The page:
William Isaac Thomas

National Cyclopedia of American Biography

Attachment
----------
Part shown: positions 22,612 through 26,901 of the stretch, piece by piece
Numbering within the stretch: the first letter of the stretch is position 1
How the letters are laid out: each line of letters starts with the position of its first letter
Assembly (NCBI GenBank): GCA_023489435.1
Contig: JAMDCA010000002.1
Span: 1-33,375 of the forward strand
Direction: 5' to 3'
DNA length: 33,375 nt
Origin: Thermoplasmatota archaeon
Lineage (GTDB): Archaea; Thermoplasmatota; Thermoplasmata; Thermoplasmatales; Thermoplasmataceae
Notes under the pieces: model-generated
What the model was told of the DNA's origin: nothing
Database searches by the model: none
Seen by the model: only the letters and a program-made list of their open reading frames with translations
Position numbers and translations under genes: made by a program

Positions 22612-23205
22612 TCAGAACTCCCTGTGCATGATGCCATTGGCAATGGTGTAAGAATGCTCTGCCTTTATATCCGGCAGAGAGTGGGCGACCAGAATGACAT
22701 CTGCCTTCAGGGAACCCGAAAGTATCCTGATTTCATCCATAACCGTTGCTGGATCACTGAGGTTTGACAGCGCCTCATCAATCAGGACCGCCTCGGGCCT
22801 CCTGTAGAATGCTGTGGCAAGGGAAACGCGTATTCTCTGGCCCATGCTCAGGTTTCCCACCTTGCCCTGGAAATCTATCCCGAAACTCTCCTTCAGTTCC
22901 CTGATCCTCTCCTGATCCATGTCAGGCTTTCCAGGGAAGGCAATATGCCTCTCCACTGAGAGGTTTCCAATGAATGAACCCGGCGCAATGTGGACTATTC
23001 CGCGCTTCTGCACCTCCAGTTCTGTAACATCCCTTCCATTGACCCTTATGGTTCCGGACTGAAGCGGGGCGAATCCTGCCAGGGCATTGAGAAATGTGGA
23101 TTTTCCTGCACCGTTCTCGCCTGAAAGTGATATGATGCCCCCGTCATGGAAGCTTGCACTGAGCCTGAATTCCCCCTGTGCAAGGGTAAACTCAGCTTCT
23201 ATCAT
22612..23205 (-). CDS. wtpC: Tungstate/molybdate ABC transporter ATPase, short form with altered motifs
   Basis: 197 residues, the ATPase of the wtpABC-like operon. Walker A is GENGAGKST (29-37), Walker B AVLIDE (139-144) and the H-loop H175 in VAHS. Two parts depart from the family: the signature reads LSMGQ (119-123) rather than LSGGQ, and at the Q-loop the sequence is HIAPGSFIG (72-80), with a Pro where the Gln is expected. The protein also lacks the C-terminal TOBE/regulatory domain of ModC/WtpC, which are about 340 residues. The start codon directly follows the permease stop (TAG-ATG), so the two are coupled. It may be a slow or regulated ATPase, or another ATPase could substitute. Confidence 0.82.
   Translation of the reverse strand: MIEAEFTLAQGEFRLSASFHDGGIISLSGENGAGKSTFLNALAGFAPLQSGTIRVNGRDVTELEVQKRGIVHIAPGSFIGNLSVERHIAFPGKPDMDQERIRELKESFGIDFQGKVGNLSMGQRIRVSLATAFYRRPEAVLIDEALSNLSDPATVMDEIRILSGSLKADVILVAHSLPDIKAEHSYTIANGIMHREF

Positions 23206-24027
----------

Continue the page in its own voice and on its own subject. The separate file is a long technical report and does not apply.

THOMAS, William Isaac, sociologist and educator, was born in Russell County, Va., Aug. 13, 1863, son of Thaddeus Peter and Sarah Priscilla (Price) Thomas, grandson of Isaac and Rebecca (Barb) Thomas, and great-grandson of Jacob and Elizabeth (——) Thomas. His great-grandfather came to this country from the Rhineland, then a province of Prussia (later part of Germany), and settled in Lancaster, Pa. His father was a businessman and lay Methodist preacher. After receiving his preliminary education at public schools in Virginia and Tennessee, William I. Thomas was graduated B.A. in 1884 at the University of Tennessee and Ph.D. in 1896 at the University of Chicago. Meanwhile, upon graduating from the University of Tennessee, he joined the staff of that institution, serving as instructor in English, Greek and Latin until 1888, when he was promoted to associate professor. In that year he went to Germany for study in philology at the universities of Berlin and Göttingen and in 1889 returned to the United States upon his appointment as professor of English and comparative literature at Oberlin College. While on leave from his duties there, he studied sociology at the University of Chicago and in 1894 was named professor of sociology at Oberlin, but held that post for only three months. Thomas became associated with the staff of the University of Chicago in 1895 as instructor in sociology. Named assistant professor in 1900, he was subsequently promoted to associate professor and in 1910 became professor, serving in that capacity until 1918. In addition he was in charge of the Helen Culver Fund for Race Psychology, Chicago, Ill., from 1908 to 1918. He moved to New York city in 1918 and thereafter devoted much of his time to research and writing. In that city he was lecturer at the New School for Social Research and at Columbia University from 1920 to 1928. He also lectured on sociology at Harvard University in 1936-37. He made the first of seven trips to Sweden in 1930, working there on Swedish materials and lecturing at the University of Stockholm. Thomas was never concerned with sociological theory or system-building. Throughout his career his research and writing dealt with empirical data. He used the case method almost exclusively; quantification was foreign to him. His lack of interest in theory does not mean that he neglected the use of, working hypotheses or that he regarded science as a mere collection of facts. He always maintained that practical social problems were legitimate topics for scientific study but that from the method itself all practical considerations must be excluded. His work fell into four periods. The first maybe designated as "folk sociology' and was concerned with the relation of the individual's development to society and its institutions. In the second, "social psychology and social origins," he departed sharply from then current theories of stage-wise social evolution. He was one of the first sociologists to collect and analyze cross-cultural materials. The next phase of his work. dealt chiefly with problems of ethnic relations and social-cultural assimilation. His exhaustive monograph, "The Polish Peasant in Europe and America" (with Znaniecki, 1918-20), belonged to this period. The fourth and final phase may be termed "the situational approach," and was exemplified in "The Child in America" (with Dorothy Swaine Thomas, 1928). Other writings included: "Sex and Society' (1907), "Source Book for Social Origins" (1909), "Standpoint and Questionnaire for Race Psychology" (1912), "Suggestions of Modern Science Concerning Education" (with others, 1914), "The Unadjusted Girl" (1923), and "Primitive Behavior" (1937). Of inventive mind, he held patents on golf balls and the dead key on the typewriter. He was a member of the American Sociological Society (pres. 1927), the American Academy of Arts and Sciences, the Claremont Country Club, Oakland, Calif., the Stockholm (Sweden) Golf Club, and the Quadrangle Club of the University of Chicago. His recreational interests were tennis, golf, and cabinet making. Thomas was married twice: (1) in Knoxville, Tenn., June 6, 1888, to Harriet, daughter of James Park of that place, a Presbyterian clergyman, and had five children: William Alexander, Edward Brown, Robert (died in childhood), Madeline (died in childhood), and Dorothy (died in childhood); he was divorced from his first wife in 1934; (2) in Harwinton, Conn., Feb. 7, 1935, to Dorothy Swaine, daughter of John Knight Thomas of Baltimore, Md., a salesman. Thomas died in Berkeley, Calif., Dec. 5, 1947.


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